Some ethnographers have drawn a link between Tamang people and ancient Mongol populations who emigrated to the Himalayas.[12] Tamsaling Nepal Rastriya Dal, and the more broadly representative Mongol National Organisation (MNO), support self-determination for Tamangs and campaign on an discrimination platform. The MNO opposes conversion of non-Hindus to Hinduism. It currently holds no official parliamentary vote. The Federal Limbuwan State Council (FLSC) also works towards similar goals for self-determination for the Kirati peoples, who co-mingle with Tamangs, citing a reneged treaty with Kathmandu for autonomy.[13] The associated Sanghiya Limbuwan Party has participated in calling a banda during the 2015 Nepal blockade[14] in an attempt to draw attention to their demands.[15] In the 1980s, a militant Gorkhaland movement within India led by the prominent Subhas Ghising was viewed as a security threat due to its activities in and around the strategically significant Siliguri Corridor.[6] Madan Tamang, a Tamang-Indian politician and proponent for Gorkhaland statehood, was assassinated in 2010, with the West Bengal government placing blame on another Gorkhaland political party. The Gorkhaland Territorial Administration was created as a compromise to Ghorkaland statehood in India. In Nepal, ethnic tensions between indigenous groups and khas peoples remains an issue. In 2017 Binay Tamang was appointed as the Chairperson of GTA.[16]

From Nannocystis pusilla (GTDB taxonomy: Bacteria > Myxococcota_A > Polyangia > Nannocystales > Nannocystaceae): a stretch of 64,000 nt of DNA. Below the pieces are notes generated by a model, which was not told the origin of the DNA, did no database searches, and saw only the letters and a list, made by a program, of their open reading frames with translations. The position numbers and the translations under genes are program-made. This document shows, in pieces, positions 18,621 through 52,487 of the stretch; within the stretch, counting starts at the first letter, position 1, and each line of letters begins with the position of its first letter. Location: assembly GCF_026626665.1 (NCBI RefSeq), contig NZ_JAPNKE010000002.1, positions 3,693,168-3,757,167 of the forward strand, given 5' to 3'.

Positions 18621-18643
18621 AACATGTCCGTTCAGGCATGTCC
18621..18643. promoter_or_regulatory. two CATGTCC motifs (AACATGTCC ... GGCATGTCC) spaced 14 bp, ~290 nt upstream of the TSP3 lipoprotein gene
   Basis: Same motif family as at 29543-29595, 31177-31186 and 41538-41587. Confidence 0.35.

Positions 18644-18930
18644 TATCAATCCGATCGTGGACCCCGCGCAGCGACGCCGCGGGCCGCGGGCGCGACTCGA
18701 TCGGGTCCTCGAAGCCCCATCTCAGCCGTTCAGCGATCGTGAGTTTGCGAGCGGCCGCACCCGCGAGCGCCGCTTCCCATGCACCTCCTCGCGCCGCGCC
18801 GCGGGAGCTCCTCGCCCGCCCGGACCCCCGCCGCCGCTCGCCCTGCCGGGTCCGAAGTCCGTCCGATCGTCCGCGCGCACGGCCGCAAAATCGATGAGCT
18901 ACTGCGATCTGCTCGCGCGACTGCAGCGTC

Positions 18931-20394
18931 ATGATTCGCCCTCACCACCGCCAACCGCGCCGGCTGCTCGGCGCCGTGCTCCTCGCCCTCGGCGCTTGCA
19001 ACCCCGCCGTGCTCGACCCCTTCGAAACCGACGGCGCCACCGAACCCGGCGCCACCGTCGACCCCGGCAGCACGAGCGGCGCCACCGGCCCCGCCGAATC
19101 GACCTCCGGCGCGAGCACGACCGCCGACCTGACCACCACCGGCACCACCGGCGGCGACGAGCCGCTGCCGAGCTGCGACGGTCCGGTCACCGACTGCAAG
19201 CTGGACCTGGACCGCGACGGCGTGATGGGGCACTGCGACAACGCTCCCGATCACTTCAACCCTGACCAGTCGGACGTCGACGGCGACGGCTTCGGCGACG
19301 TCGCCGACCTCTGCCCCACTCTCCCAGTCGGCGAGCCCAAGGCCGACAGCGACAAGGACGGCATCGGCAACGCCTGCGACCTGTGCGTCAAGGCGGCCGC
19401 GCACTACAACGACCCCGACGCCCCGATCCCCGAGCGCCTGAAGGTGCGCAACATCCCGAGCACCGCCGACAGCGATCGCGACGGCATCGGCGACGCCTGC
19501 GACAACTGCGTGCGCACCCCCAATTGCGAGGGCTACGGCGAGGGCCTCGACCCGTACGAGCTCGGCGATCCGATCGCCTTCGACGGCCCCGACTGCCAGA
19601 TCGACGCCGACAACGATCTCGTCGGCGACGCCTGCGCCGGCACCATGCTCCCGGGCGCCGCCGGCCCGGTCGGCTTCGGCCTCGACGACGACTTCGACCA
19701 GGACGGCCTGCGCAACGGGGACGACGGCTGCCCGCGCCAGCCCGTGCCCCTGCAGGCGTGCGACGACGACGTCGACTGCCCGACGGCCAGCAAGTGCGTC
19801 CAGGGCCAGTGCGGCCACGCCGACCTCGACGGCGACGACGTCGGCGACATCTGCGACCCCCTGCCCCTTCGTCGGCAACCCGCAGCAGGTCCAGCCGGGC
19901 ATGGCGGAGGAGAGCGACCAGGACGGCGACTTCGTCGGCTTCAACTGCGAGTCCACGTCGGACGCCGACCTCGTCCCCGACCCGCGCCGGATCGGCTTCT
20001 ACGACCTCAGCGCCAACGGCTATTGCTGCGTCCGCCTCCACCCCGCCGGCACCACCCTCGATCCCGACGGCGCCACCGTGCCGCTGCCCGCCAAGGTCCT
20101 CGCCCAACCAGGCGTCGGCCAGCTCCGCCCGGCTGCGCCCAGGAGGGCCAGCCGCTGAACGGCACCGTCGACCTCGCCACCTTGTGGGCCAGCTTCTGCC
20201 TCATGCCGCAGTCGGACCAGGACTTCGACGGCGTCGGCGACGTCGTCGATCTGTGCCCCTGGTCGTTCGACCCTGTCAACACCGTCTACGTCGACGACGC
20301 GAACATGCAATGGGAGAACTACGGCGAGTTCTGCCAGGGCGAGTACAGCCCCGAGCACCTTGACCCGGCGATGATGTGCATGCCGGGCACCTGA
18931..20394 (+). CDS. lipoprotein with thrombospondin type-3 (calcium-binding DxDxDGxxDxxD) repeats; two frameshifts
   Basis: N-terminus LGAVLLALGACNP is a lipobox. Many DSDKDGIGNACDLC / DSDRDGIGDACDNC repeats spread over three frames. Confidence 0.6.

Culture[edit]

Tamang tradition and culture includes a distinct language, culture, dress and social structure. They have over 100 sub-clans. About 90% of the Tamang are Buddhist.[17] Their language, Tamang, comes from the Tamangic branch of the Tibeto-Burman language family and is closely related to Gurung. They follow the Chinese lunar calendar of the 12-year cycle. Colorful printed Buddhist mantra cloths are put up in various places in villages and towns.[5]